?oor may be made in accordance with ordinary furnace 45 would be tensioned so that it would exert an upward
construction including a sheet metal backing plate that
force of approximately 500 pounds, or approximately
is lined with suitable insulating and refractory material.
half the weight of the tube through a distance equal to
Each of the side walls is provided with a plurality of ver
the maximum tube expansion. Thus while the tube is
tical rows of burners 7 which may be of the type shown
supported by the abutment 15 on beams v16, a portion of
in Patent No. 2,671,507 issued to C. W. Morck. The
its weight is supported by the spring 33. The force
view shown in FIG. 1 indicates that the furnace chamber
exerted by the spring 33 is substantially uniform and is
is relatively narrow and that it is vertically elongated.
sui?cient to insure that the tubes will remain straight
The furnace may be of any desired length, in a direction
at all times as they are being heated and cooled.
perpendicular to the plane of the drawing, that is needed
The spring hangers and manifolds 28 and 29 are pro
for the number of tubes required for a given installa 55 tected by means of a housing built above the top of the
tion. At spaced points along the upper ends of each of
furnace. This housing includes side members 36 that are
the side walls there are provided horizontally extending
attached to buckstays 2, and a roof 37. The roof is
exhaust vents 8 that communicate with ducts 9, which in
provided with an opening 38 that extends the length of'
turn exhaust into a stack, not shown.
the furnace in a direction perpendicular to the plane of
The top of the furnace and the bottom of the fur 60 the drawing with the opening covered by a removable
nace are provided along their center with a staggered
cover 39.
row of openings 11 and 12, respectively, through which
From time to time it may be desirable or necessary to
remove one or more of the tubes for cleaning or replace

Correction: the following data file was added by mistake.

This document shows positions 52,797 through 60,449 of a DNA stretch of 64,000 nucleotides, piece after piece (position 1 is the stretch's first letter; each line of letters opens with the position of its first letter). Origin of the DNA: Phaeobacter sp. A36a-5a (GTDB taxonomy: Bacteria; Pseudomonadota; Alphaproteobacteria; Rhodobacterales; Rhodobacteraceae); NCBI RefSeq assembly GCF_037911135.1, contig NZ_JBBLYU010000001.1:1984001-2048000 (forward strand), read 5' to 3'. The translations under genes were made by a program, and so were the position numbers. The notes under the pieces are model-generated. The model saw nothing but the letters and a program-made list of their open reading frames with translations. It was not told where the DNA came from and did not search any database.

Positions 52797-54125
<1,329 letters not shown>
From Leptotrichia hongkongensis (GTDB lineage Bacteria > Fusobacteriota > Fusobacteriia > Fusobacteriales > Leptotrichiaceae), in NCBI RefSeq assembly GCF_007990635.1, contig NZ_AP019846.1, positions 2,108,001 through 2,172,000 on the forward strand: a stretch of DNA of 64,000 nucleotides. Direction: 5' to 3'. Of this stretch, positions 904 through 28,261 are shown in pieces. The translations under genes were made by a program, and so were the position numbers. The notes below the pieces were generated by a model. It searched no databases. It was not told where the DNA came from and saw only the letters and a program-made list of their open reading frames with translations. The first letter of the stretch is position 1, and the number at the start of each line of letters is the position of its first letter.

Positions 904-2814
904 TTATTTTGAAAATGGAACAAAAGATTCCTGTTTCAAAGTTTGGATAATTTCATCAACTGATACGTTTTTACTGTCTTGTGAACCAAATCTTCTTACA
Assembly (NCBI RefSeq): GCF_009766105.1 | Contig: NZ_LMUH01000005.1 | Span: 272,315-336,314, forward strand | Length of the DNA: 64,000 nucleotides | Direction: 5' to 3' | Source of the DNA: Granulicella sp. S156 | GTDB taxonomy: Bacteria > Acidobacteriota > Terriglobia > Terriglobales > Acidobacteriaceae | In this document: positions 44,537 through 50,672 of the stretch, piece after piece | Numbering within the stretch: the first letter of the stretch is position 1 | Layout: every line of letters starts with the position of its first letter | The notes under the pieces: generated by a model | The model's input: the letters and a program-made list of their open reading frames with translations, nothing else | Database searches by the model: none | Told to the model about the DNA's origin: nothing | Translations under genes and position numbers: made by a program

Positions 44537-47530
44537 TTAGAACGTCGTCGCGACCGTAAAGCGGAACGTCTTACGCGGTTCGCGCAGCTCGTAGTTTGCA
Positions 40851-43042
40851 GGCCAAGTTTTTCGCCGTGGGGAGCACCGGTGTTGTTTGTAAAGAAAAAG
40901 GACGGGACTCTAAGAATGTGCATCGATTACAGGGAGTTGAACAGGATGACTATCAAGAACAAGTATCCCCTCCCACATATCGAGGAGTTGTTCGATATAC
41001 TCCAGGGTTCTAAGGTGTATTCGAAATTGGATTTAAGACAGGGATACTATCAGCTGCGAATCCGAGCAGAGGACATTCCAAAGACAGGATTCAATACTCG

tubes 13 extend to form a pair of parallel rows of tubes
in staggered relation. The ends of these tubes project
ment. This may easily be accomplished with the conabove the top and below the bottom of the furnace. The 65 struction shown herein. To this end the openings 11 and
lower end of each tube has fastened to it, as by weld
12 are made elliptical or oval in shape and slightly larger
ing, an elbow 14 that has an abutment 15 projecting from
the side opposite to the opening of the elbow. These
than the diameter of the tubes. When a tube 13 is to
be removed the ?exible tube 17 is cut or disconnected
abutments rest on a beam 16 that runs the length of
from the horizontal end of elbow 14 and cap 26 is dis
the furnace chamber. Thus it will be seen that the weight 70 connected from ?ange 25. When this is done the cross
of each of the tubes is supported on the beam 16 leav
piece 34 and the spring carried thereby can be removed
3
from a position directly above the tube. Thereafter the
tube is rotated through 90° so that the projecting end
of elbow 14 and the abutment 15 are aligned with the long
axis of openings 11 and 12. The tube can then be moved
vertically from the furnace through opening 38 in the
roof.
With the construction shown herein the tubes can
be removed individually even while the furnace is hot.
4
forth in the appended claims, and that in some cases cer
tain features of my invention may be used to advantage
without a corresponding use of other features.
What is claimed is:
1. In a tube heater, structure forming a vertically elon
gated furnace chamber having a top, a ?oor and oppositely
' ‘disposed side and end walls, a plurality of vertically and
horizontally displaced burners in said opposite side walls,
It is noted that the space between the openings 11 and 12,
said burners radiating heat toward the center of the fur
and the tubes is closed by means of a split sleeve 41 of a
refractory material. This sleeve, as shown in FIG. 3, ll) nace chamber, a plurality of vertically extending‘ tubes
through which ?uid to be treated ?ows forming a row
is made so that its outer dimension will be received by
with each tube substantially midway between said side
walls and adapted to be heated on opposite sides by said
the opening 12, for example, and its inner dimension
will receive the tube. The sleeve is split so that parts
thereof can be placed around the tube and dropped into
the opening. A ?ange provided on the upper end of the
burners, each burner heating predominantly that portion
of the tube in front of it, the ends of said tubes project
ing through said top and ?oor, means in said top and ?oor
to hold each tube individually in a vertical position in
said chamber, means outside of said furnace separately
sleeve parts will rest on plate 22 or insulation 23, as
the case may 'be, to prevent the tubes from wabbling in
the respective openings, and to close these openings to
to support one end of each tube in a ?xed position, a